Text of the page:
Tuesday, June 23, 2009
According to Davis, laid off parents should just try homecooked meals rather than going out to eat. Her simplistic analysis of poverty, obesity, work, and the family has left me speechless. To top things off, she's a lawmaker! As the recession continues on and more people are faced with hunger, keep in mind Davis's advice: "If you work for McDonald's, they will feed you for free during your break."
Sunday, June 21, 2009
Thursday, June 11, 2009
Monday, June 08, 2009
By ANDREW JACOBS
Published: June 8, 2009
BEIJING — China has issued a sweeping directive requiring all personal computers sold in the country to include sophisticated software that can filter out pornography and other “unhealthy information” from the Internet.
The software, which manufacturers must install on all new PC’s starting July 1, allows the government to update computers regularly with an ever-changing list of banned Web sites...
Read more at the New York Times
Monday, June 01, 2009
WASHINGTON, May 27 (UPI) -- Improved cooperation between governments, tribes and agencies is needed to extend broadband Internet access to rural America, officials say.
In a congressionally mandated report released Wednesday, acting Federal Communications Commission Chairman Michael Copps said enhancing communications between rural authorities is one of the starting points for efforts to establish the high-speed Internet infrastructure vital for rural development, an FCC statement said.
Broadband "is the interstate highway of the 21st century for small towns and rural communities, the vital connection to the broader nation and, increasingly, the global economy," Copps said in the report, entitled, "Bringing Broadband to Rural America: Report on a Rural Broadband Strategy." "Our nation as a whole will prosper and benefit from a concerted effort to bring broadband to rural America." Read more here.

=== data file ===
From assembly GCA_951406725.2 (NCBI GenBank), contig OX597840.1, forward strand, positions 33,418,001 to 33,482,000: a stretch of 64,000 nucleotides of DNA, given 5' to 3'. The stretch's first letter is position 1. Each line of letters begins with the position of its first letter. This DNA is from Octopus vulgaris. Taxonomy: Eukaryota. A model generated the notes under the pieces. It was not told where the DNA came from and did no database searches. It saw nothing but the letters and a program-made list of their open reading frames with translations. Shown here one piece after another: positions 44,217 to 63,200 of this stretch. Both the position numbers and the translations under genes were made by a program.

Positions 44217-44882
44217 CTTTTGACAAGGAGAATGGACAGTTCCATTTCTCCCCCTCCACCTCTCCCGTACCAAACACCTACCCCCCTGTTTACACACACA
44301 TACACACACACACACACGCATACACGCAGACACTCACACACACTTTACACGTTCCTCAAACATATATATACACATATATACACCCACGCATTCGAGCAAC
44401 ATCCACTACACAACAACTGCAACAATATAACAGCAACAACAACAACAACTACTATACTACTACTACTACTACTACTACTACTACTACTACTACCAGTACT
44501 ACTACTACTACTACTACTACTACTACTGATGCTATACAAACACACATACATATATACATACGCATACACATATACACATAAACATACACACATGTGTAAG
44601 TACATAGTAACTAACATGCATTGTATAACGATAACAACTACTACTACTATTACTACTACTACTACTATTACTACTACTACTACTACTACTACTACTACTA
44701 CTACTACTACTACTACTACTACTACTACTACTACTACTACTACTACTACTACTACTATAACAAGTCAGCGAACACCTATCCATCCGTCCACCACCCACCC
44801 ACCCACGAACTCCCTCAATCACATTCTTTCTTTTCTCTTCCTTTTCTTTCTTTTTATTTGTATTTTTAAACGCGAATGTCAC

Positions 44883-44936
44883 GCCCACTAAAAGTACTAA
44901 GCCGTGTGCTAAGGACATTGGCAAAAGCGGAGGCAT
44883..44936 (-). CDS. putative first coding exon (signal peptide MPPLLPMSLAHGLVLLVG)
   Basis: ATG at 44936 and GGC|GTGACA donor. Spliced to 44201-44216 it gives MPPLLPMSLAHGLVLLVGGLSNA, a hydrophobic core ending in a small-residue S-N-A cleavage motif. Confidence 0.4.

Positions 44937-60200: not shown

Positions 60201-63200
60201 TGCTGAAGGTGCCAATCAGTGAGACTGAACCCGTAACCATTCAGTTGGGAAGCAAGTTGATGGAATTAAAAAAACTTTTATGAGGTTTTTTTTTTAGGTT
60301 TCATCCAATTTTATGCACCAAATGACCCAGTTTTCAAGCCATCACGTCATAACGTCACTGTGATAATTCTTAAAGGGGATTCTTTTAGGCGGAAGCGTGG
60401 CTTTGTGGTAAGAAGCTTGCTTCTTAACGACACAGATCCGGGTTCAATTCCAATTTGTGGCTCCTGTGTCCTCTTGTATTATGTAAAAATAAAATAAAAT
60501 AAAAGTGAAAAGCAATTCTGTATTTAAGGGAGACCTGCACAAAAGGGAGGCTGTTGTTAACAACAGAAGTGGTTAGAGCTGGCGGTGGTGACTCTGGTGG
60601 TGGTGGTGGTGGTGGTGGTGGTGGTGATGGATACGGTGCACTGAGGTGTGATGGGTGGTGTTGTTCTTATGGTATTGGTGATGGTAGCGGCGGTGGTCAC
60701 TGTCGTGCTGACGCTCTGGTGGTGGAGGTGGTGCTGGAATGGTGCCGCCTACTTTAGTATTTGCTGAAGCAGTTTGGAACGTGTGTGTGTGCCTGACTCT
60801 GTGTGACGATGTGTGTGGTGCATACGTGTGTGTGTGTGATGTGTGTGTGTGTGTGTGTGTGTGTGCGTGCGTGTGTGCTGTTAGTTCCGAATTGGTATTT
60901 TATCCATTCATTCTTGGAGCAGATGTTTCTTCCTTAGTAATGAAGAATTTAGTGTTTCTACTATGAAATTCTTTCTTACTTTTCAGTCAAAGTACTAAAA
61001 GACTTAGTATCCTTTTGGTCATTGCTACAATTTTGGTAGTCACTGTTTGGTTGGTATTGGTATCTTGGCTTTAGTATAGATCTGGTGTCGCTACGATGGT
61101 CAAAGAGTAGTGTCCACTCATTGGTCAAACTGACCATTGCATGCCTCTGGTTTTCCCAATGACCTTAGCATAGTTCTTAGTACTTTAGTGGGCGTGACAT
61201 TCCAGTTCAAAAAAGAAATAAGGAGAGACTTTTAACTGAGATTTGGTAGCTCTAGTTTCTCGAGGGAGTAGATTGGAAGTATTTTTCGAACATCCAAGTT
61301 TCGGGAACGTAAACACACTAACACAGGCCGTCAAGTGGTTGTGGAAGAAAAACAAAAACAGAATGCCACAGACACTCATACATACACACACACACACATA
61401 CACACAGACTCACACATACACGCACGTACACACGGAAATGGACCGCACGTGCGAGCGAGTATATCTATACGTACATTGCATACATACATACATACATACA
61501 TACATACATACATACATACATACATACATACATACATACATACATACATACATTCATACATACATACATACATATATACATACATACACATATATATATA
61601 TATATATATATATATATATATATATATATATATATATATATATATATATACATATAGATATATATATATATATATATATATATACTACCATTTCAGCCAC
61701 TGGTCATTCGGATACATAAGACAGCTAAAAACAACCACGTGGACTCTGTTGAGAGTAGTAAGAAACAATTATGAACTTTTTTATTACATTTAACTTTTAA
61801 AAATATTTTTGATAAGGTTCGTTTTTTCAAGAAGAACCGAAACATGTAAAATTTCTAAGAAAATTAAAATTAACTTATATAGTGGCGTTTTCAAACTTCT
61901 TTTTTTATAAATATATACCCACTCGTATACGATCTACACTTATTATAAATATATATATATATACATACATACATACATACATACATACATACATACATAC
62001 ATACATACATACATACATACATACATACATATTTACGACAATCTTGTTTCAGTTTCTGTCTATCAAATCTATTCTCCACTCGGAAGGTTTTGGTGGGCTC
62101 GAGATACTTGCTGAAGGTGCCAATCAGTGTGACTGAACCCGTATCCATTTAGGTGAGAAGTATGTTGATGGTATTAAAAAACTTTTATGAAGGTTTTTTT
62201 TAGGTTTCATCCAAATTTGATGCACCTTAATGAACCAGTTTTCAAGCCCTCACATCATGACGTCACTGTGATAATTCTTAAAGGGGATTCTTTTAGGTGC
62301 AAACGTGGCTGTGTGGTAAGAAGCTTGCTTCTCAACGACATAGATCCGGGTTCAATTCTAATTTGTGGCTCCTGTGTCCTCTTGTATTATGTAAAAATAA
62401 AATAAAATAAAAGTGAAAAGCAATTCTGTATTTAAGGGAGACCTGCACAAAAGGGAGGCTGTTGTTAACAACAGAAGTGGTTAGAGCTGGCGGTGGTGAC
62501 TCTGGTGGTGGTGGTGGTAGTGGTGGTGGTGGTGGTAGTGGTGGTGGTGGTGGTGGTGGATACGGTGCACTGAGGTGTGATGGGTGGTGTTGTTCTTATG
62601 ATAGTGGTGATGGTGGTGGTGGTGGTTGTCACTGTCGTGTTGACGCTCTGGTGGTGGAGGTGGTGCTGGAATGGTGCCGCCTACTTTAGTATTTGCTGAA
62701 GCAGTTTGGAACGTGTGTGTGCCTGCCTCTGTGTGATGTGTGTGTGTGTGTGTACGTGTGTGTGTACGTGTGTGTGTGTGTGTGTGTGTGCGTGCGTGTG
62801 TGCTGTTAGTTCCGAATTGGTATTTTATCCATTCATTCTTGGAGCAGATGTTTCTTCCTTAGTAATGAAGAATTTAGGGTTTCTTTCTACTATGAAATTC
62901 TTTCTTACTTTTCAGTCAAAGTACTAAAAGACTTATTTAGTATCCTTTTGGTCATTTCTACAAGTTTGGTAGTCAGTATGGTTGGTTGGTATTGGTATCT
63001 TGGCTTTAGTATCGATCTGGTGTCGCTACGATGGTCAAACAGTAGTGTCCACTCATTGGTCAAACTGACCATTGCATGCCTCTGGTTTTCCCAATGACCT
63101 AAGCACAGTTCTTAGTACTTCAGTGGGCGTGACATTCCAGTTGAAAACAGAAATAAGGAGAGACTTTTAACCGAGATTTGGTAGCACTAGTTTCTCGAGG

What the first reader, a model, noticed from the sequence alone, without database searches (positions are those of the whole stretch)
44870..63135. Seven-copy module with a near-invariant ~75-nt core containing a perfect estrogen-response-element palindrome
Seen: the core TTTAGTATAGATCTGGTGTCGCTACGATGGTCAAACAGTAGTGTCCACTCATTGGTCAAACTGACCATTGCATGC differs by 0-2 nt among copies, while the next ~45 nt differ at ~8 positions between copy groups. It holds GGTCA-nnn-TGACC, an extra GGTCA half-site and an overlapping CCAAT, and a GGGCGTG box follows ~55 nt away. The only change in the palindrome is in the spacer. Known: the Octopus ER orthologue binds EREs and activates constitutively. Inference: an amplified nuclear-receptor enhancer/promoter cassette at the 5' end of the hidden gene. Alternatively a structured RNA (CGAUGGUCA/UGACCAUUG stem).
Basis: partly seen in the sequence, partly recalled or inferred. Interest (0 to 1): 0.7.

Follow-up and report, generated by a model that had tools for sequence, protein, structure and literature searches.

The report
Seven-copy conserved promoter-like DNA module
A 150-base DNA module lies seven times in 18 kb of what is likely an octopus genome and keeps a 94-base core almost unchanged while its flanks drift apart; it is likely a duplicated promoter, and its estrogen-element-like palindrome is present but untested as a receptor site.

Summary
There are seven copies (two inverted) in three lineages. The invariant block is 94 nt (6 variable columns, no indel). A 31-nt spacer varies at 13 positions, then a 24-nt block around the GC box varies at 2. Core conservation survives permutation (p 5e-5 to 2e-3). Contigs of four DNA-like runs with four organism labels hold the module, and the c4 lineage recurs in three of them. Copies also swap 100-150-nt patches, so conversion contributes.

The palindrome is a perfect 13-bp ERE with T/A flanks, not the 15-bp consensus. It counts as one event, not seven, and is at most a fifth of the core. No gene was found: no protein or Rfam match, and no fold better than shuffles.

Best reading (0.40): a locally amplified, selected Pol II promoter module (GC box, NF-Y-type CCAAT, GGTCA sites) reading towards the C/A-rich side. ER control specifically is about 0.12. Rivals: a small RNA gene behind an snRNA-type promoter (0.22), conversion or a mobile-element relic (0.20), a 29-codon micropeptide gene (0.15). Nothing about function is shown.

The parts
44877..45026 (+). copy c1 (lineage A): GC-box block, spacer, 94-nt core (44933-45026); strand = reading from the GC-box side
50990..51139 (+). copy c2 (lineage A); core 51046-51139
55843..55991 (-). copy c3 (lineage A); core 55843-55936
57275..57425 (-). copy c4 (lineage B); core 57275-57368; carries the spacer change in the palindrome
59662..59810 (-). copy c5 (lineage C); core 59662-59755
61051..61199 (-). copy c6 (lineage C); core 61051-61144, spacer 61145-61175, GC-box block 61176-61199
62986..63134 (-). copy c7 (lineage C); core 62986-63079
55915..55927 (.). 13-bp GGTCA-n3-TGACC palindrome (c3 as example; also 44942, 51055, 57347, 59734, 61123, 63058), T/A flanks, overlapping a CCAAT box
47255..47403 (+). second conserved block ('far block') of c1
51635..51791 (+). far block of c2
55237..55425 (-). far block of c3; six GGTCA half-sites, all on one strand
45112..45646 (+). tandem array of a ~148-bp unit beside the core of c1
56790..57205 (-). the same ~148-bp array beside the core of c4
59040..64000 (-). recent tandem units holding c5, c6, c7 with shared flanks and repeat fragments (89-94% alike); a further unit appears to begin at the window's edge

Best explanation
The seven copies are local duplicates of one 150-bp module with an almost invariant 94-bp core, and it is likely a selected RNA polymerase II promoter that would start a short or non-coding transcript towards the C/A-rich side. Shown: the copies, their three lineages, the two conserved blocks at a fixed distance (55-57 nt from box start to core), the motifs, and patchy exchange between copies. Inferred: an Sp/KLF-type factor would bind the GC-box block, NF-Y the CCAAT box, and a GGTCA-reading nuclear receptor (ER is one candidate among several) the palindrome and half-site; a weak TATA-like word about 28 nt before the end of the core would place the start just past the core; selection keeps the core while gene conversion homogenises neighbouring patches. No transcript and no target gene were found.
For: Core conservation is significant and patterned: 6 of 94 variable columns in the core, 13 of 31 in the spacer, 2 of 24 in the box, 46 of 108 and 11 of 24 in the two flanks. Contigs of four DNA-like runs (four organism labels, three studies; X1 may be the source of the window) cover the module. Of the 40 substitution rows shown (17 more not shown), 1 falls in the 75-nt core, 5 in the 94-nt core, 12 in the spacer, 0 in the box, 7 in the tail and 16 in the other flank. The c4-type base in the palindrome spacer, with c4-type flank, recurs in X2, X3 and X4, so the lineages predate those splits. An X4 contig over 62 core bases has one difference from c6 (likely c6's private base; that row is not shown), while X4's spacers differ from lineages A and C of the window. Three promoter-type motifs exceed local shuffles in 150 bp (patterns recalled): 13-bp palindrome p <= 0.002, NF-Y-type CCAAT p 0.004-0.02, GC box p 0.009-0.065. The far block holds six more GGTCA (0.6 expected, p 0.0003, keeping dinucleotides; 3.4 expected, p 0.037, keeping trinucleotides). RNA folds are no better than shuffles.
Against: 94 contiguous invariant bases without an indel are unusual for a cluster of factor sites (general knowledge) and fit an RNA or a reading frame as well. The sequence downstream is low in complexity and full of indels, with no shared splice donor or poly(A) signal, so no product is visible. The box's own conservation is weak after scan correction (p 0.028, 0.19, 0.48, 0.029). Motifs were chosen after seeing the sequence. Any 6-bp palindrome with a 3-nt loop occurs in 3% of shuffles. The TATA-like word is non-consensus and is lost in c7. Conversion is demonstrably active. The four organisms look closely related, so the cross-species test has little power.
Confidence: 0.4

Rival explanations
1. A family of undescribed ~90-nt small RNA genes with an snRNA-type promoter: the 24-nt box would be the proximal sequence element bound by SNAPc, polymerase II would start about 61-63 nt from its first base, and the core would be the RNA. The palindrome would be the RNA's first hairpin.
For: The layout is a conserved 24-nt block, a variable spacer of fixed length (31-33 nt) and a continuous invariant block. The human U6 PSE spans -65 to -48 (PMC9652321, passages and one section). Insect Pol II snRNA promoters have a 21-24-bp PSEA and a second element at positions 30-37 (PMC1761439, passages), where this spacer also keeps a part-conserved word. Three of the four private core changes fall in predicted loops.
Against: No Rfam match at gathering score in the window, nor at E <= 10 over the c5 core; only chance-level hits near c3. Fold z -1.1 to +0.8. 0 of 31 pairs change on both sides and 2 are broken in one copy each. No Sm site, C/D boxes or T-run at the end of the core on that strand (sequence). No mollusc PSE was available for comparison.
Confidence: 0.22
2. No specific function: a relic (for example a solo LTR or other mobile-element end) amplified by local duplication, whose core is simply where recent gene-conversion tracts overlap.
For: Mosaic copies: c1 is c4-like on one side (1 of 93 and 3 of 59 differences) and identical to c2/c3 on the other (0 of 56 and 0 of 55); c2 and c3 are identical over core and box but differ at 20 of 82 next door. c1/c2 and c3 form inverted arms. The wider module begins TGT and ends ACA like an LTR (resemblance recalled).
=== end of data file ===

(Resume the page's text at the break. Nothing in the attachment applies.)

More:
Download the report here.
Wednesday, May 27, 2009
Sunday, May 17, 2009
Alison Armstrong and Charles Casement’s book The Child and the Machine: How Computers Put Our Children’s Education at Risk provides insight into the world of computer technology within elementary education. Throughout the book, Armstrong and Casement look at the issue of integrating computers into the classroom through different examples. The majority of the book talks about the cognitive development of children and how computers have a negative impact on evolving thought from concrete examples, such as learning to count with Cheerios, to abstract skill sets. Specifically, the authors breakdown how children learn how to read and also how to write. The reading process requires children to think and have a “sensory” connection with the text, such as moving their hands across the page of a book as they read a sentence. Also, the writing process consists of logic rules. Armstrong and Casement feel that computer technology simply spits out images and provides immediate feedback for children, preventing them from thinking on their own.
The second issue that Armstrong and Casement try to address is the cost of computers within the elementary setting. The Child and the Machine looks at cost through different perspectives, ranging from the initial face cost to the amount of money it takes to update and maintain a stable network environment. There are additional costs, such as security measures to prevent theft, which Armstrong and Casement describe. Armstrong and Casement make the argument that the most important cost that school districts do not successfully implement is the money it takes to provide teachers and other faculty members with adequate technology training. In order to have a successful training program, Armstrong and Casement make the claim that school districts need to allocate 50 percent of their technology budget to training programs. Most schools, however, only provide 1-2% of this budget.
Overall, the book provided a look into the politics of computers within the classroom and how technology impacts the cognitive development of young children. I felt that the book could have taken a more abstract look at how computers affect the future of students and their socioeconomic placement within the United States. Also, the book is quite outdated and does not mention the impact of Internet technology within the classroom.